This week we ordered oranges to support our local scouts. We had ordered them a few months ago and they were wonderful. We were surprised this time that most of the oranges were more green than orange. When I shop for oranges, I tend to choose the ones with the deepest orange skin. Out of curiosity, I cut one open that had skin as green as a lime. Inside, the fruit was orange and juicy. Surprise! We did a little research and discovered new facts about green oranges.
The green is due to chlorophyll produced on the peel of orange citrus to protect itself from sunburn. The green color has no impact on flavor—in fact, some growers believe that citrus with regreening can have more sugar than deep-orange fruit. Regreening can also be caused by the position of individual fruits on the tree—fruit tucked in among the leaves tends to have more green, as it’s trying to maximize its reach for the sun’s rays. Chlorophyll is vital for photosynthesis, which allows fruit to absorb energy from sunlight. https://fruitguys.com/2011/04/citrus-greening/
This discovery led me to think of some of my ancestors who, at first glance, were like green oranges. The dates and facts about them amounted to no more than an outside glimpse of who they were and no true understanding of what they were like inside. Let me tell you about two of them.
First, my own dad. Of course, I knew more than just his vital statistics. I knew he loved me, was a great cook, and struggled mightily with some difficult issues. These issues eventually led to my parents’ divorce when I was in 8th grade. After that, I saw him infrequently until his tragic death when I was pregnant with my first child. As I searched old records and stories about him and his family, I came to realize that he tried to adopt an entirely new way of life when he married my mom. He was orphaned at age 2; the same difficulties that plagued him had beset a heartbreaking number of others in his family. My heart changed as I began to see the sweetness of his hopes and dreams, even when they weren’t realized. I can now honor him for those desires of his heart and the things he did accomplish. I’m so grateful to have peeled away my assumptions and prejudice to see the color of his heart.
Second, my great grandmother, Mary Cairns Lyon, whom I never met. There was a beautiful picture of her displayed in our home and she looked like an angel. My parents both loved her. I remember my dad saying he always looked at the picture of her as he left the house and felt she was sending him off with her love and good wishes for the day. My mother adored her and cherished Mary’s many acts of love and life-changing concern for her that provided comfort and assurance. Mom loved spending time at her home and noted that her Grandma Lyon often included some who were in desperate need to share a meal and conversation at her table. So, I first saw her as the perfect, traditional deep-orange woman.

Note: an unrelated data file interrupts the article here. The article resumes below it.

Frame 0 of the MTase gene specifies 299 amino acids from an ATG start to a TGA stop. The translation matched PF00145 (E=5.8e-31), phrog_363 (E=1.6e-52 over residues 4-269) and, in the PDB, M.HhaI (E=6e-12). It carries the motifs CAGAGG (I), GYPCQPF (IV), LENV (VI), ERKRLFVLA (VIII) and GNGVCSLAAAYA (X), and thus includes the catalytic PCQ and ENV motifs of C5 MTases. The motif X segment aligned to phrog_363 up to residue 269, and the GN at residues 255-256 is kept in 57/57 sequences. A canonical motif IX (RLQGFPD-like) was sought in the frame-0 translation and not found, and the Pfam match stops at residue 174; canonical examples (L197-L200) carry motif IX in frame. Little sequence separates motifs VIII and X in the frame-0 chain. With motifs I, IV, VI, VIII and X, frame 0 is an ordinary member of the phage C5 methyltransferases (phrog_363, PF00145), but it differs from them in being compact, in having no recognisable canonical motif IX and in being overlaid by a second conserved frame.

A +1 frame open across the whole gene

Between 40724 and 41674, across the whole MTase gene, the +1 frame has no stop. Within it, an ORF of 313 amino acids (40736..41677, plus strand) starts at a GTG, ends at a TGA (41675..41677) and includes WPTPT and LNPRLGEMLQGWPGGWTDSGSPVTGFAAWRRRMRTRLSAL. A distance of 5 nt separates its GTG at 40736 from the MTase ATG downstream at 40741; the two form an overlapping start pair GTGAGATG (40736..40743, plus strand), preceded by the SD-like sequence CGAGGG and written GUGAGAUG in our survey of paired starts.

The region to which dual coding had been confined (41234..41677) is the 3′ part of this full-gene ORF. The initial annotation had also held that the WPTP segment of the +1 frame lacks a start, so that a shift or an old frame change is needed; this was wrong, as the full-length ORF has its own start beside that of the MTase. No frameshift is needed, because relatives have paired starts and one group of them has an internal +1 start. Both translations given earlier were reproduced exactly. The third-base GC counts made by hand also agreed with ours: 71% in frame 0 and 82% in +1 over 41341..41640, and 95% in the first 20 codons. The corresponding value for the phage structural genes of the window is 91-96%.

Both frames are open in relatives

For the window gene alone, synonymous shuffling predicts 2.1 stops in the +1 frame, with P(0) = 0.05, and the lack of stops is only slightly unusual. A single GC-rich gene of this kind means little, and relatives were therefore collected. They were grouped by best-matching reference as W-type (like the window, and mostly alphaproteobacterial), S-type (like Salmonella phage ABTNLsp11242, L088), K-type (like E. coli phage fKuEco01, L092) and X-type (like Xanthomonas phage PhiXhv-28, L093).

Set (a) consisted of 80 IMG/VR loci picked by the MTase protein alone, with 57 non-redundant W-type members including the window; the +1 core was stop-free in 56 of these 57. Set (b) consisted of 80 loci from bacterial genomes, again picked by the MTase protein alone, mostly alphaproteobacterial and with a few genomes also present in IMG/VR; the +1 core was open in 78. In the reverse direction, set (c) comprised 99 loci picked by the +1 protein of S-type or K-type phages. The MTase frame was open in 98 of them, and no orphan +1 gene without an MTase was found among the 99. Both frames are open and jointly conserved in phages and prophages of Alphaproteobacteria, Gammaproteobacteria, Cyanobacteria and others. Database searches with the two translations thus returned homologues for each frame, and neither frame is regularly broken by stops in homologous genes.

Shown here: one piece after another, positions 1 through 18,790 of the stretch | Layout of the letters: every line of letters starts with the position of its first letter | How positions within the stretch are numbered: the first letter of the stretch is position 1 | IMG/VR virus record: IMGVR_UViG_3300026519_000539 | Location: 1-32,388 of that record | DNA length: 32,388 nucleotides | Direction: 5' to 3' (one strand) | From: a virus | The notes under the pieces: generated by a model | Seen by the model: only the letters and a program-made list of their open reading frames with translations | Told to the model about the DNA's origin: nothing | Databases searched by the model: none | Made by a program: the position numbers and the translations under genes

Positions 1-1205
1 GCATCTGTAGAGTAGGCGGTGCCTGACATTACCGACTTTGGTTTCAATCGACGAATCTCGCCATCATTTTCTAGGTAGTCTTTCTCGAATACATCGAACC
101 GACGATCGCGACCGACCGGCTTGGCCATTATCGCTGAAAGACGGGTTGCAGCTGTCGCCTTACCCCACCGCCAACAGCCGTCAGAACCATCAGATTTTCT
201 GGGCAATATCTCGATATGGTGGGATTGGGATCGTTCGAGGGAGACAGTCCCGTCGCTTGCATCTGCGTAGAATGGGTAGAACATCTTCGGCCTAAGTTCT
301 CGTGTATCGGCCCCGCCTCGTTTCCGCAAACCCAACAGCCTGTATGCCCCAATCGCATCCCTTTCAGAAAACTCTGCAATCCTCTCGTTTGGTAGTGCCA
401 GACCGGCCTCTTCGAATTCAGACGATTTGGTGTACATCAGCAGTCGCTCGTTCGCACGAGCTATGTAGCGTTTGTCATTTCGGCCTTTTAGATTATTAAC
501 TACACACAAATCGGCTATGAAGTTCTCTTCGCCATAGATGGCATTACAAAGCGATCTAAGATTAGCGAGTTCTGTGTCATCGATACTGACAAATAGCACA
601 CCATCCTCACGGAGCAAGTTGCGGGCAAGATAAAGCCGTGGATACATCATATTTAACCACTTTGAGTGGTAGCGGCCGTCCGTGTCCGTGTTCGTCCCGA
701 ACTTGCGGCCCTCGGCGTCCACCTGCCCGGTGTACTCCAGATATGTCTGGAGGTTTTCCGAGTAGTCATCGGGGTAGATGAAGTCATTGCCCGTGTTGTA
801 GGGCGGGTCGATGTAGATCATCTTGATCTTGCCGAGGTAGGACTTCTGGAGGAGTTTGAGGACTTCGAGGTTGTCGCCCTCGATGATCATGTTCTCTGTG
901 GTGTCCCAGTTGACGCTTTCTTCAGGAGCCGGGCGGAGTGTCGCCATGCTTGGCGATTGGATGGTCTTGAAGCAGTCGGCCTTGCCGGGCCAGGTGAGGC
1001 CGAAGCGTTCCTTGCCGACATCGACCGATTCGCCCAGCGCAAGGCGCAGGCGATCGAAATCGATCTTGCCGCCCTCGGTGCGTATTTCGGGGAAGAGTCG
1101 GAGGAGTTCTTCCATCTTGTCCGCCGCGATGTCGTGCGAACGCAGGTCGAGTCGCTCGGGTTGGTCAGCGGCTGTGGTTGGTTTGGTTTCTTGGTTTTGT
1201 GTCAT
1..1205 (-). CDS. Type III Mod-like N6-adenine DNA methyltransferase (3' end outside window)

I was shocked to discover that Mary’s mother left her and her brother in the care of her parents in Scotland when she fled an abusive marriage, eventually coming to America. Mary was 5 years old and did not see her mother again until she was 9. She had to hide in a coil of rope on the ship before it departed to avoid being detained by her angry father. So at age 9 she was reunited with her mother, whom she hardly remembered, in a new country and culture. They lived in extremely poor circumstances and worked hard to survive. Mary didn’t attend much school because her hands were needed to contribute to their support. Still, her mother taught her to be kind and honest. Eventually she married a fine man and lived a life filled with service and family joy. Who would have guessed such sweet fruit would grow inside this decidedly green-skinned orange? I also realize that this was likely the seed of the fruit that grew in my mother’s heart that led to many down-on-their-luck guests at our dinner table over the years.
These two green oranges also taught me some things about myself. I can do hard things. The things I desire to do matter, even when I fall short of accomplishing them. I must be ever watchful for green oranges among the people of my family and neighborhood. Are there any green oranges filled with rich goodness on your family tree you might discover?